This isn’t an attempt to get political. Recently, somebody sounded upset when met with resistance about making a comment about the president and how good this person thought he was. When somebody threw her a look of disbelief and when faced with the question about why he’s so good, her answer was “He seemed nice and cool.” Opinions are great. Support makes them better.
It reminded me of that time an (unnamed) celebrity had an interview in a documentary. The celebrity mindlessly said something to the effect of, “Ummm, I just think we should support him because, um, he’s our president. And we should, like, um, just support him.”
That’s fine and dandy. But we weren’t born in this country to just follow mindlessly. Sure, there is a way to communicate our doubt and opinion, but there is no substance to mindless rambling. To just follow blindly is what leads to the downfall of people.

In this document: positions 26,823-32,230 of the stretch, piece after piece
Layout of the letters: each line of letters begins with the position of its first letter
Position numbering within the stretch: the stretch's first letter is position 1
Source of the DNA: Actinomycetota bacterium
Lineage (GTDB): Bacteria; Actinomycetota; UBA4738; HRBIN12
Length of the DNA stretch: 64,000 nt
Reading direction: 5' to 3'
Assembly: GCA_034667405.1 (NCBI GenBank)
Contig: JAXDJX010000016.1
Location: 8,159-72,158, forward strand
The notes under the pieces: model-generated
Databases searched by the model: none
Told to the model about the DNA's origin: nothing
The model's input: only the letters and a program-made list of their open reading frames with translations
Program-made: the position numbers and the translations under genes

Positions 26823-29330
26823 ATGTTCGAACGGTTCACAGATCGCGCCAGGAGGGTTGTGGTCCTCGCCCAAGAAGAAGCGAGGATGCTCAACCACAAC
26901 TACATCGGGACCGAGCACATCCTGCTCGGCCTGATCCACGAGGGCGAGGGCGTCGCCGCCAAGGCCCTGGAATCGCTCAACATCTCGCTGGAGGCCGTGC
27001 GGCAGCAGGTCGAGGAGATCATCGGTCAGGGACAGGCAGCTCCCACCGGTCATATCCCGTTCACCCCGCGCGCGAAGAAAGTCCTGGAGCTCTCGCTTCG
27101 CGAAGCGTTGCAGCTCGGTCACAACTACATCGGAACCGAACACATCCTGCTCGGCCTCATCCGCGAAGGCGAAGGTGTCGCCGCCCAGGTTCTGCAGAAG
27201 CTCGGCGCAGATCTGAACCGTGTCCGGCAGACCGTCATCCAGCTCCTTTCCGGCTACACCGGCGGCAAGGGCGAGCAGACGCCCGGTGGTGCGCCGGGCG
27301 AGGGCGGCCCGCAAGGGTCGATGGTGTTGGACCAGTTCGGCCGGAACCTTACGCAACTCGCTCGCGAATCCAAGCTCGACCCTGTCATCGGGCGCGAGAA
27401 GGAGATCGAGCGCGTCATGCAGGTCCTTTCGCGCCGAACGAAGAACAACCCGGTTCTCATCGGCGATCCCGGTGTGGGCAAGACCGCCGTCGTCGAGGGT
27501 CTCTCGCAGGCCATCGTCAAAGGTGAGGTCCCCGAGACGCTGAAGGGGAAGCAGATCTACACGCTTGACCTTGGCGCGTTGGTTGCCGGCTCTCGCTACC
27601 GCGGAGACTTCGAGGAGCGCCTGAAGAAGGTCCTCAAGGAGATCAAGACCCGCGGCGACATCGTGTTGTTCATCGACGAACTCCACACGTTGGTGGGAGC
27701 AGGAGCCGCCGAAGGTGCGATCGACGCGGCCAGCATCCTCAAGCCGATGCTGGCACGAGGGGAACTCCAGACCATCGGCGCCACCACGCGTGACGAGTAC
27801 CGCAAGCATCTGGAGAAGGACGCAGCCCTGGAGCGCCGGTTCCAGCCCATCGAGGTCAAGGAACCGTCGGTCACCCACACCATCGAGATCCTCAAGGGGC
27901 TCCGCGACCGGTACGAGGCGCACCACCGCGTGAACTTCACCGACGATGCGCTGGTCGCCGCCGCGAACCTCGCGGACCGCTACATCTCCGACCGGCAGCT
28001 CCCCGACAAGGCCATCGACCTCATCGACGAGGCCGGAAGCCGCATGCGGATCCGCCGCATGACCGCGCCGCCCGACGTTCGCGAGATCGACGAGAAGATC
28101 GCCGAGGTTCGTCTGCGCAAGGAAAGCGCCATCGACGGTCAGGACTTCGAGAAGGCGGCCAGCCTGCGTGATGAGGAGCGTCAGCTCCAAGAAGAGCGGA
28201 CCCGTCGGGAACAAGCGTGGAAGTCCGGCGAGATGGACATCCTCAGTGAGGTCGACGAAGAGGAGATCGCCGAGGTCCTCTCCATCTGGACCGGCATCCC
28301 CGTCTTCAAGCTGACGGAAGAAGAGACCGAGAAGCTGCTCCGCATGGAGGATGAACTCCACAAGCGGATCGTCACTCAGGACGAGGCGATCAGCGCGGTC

Opinions are outstanding.
Different points of view are outstanding. The trouble comes when we say way too much before we’ve decided to think at all. We throw something out, draw a reaction (and a reasonable one) from somebody and we get offended that they disagree with our mindless rubbish.
Perhaps they even ask why and give you the chance to explain. Now, the spotlight is on! Use this time wisely. A well-articulated response will earn you a lot of respect. Saying “He’s a cool guy,” isn’t going to earn many kudos around an intellectual group. “He was able to lower taxes 5% while lowering the deficit,” is a good response. “She saved the lives of many people,” is a good response. “He enhanced international relationships,” is an effective response. “Cool guy.” Not so much.
Opinions are the right of each person. Even a bad justification is a right for every person. Please, though, don’t act surprised when people throw a weird look in return for a lackluster response.